The Rise of Non-QM Loans

Non-QM loans, typically offered by smaller banks, credit unions, and mortgage banks, provide more favorable guidelines, higher debt-to-income ratios, and interest-only products for borrowers who can’t qualify through traditional means. These “individual lending” loans do not rely on rigid guidelines. Instead, they focus on bank reserves, bank statement cash flow, foreign income, or rental income to qualify borrowers. Despite concerns about a repeat of 2008, these loans go through robust underwriting and require significant borrower investment, contributing to their strong performance since their introduction about a decade ago. Insignia Mortgage has identified non-QM lenders that are now comfortable with larger loan sizes up to $10M. 

Economic Outlook and Mortgage Rates

The economy presents a mixture of good and bad data. Technological advancements have created efficiencies, which some forecasters believe will lead to lower rates. However, input costs, commodity costs, and service costs remain high, hurting small business owners. Government debt remains a worry and needs to be monitored as the deficit continues to balloon. However, recent Fed comments have given the all-clear for banks to gradually lower rates. A+ borrowers will start seeing offers under 6%, and non-QM borrowers will find rates in the high 6’s to low 7’s, benefiting the existing home sales market.

Indicators for Mortgage Rate Trends

Monitoring oil prices and the 2- and 10-year Treasuries provides insights into mortgage rate trends. Oil prices and interest rates are closely correlated, moving symbiotically. The 2-year Treasury is a good proxy for shorter-term jumbo ARM pricing, such as 5-year ARMs, while the 10-year Treasury serves as a proxy for jumbo 10-year ARMs. For instance, with the 10-year Treasury down about 35 basis points recently, many jumbo lenders have lowered rates on their 7- and 10-year ARM products by about 25 basis points, offering a reliable estimate of rate direction and potential decreases.

Market Commentary 06/07/2024

Stronger Than Expected May Jobs Data Pressures Bonds

We were initially encouraged by the JOLTS report which showed signs of a cooling economy as interest rates trended lower, earlier this week. However, Friday’s much better-than-expected May jobs report exceeded expectations for job creation and wage growth, reversing this trend. As a result, interest rates surged, and the likelihood of a Fed rate cut has been pushed to September. Those hoping for rate cuts are focusing on the rise in the unemployment rate to 4% as a sign of a subtly eroding economy.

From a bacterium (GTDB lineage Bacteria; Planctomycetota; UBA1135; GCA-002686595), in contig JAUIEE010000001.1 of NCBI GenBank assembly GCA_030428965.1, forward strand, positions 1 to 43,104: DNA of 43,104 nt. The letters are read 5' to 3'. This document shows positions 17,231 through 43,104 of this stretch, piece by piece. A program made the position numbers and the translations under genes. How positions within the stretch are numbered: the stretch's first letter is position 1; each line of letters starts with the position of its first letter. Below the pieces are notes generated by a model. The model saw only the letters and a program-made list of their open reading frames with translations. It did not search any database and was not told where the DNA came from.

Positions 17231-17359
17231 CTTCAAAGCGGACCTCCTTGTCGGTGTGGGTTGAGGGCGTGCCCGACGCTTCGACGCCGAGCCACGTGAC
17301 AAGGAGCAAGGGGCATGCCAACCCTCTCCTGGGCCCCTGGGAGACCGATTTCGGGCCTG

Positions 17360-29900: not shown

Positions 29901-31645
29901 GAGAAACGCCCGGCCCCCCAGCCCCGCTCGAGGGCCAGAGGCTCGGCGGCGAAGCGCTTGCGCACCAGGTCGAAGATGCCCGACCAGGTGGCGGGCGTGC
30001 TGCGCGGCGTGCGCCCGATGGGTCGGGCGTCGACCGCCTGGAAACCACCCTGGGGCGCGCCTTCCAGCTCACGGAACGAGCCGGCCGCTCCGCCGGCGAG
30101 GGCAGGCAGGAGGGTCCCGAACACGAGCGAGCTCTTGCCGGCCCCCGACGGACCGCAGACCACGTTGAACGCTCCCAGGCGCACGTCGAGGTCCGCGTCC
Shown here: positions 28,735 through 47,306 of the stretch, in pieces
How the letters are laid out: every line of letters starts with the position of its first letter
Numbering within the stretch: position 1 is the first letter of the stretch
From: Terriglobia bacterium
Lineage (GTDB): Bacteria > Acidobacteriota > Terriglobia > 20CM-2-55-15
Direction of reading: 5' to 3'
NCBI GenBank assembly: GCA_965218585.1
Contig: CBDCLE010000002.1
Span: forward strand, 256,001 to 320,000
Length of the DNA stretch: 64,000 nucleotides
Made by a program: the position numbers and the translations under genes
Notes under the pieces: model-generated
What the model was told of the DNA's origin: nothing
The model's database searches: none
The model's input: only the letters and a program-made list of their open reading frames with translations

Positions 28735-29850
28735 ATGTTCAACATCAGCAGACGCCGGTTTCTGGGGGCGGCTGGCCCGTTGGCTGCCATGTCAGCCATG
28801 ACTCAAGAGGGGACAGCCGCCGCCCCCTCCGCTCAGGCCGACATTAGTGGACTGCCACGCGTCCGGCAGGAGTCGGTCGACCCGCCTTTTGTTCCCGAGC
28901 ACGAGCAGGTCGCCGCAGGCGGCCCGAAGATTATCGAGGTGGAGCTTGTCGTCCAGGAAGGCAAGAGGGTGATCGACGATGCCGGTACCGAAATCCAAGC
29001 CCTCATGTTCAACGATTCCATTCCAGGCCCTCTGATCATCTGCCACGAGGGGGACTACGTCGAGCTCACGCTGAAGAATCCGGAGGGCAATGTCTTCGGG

While there are early signs of consumer stress, such as rising credit card balances and commercial real estate defaults, it is difficult to justify a near-term rate cut after today’s employment report. Cumulative inflation has been a significant drag on our most vulnerable citizens. However, the consumer remains in good shape overall. The stock market is at record highs, with a resurgence of FOMO, reminiscent of the Gamestock mania. We will listen closely to Chairman Powell’s insights on the economy and the direction of rates. The anticipated pain that Powell suggested would be needed to bring inflation down never fully materialized. With the upper 30% of the US population enjoying strong home price appreciation, stock market wealth, and rising wages, the loosening of financial conditions may stoke further inflation.

Trending In Real Estate Finance

Smaller banks and creative lenders are making exceptions on home loans that make sense. We are seeing some banks begin to waive income requirements for very liquid borrowers, increase debt-to-income ratio limits to 60% for the right profiles, and accept a credit blemish or two with a good explanation. Given the slowing existing home sale market, lenders who can lend are doing what they can to approve loans. This is significantly helping good borrowers secure home loans that they would have easily qualified for just a few years ago. Notably, interest rates remain range-bound, and lenders remain eager for business, with our best-priced lenders offering rates under 6% for well-heeled applicants.

Market Commentary 05/31/2024

Rates Drift Lower As Inflation Data Matches Expectations

Despite a bumpy mid-week for bond yields, interest rates recovered following reports of slowing GDP and an as-expected PCE inflation reading. Additionally, a lackluster mid-week Treasury auction rattled the bond market, casting uncertainty amid ongoing US debt issuance. As discussed in previous analyses, a 10-year Treasury yield hovering around 4.50% appears justified with the current state of the job market, economy, and inflation. While the PCE number came in as expected, the real issue is inflation is not pushing lower and appears stagnant. 

High prices and interest rates have challenged housing affordability, resulting in declining home sales. Nonetheless, the recent surge in equities, particularly in the technology and AI sectors, has exceeded many market forecasts. This surge has notably impacted homebuyers in the $1.5M to $20M price range.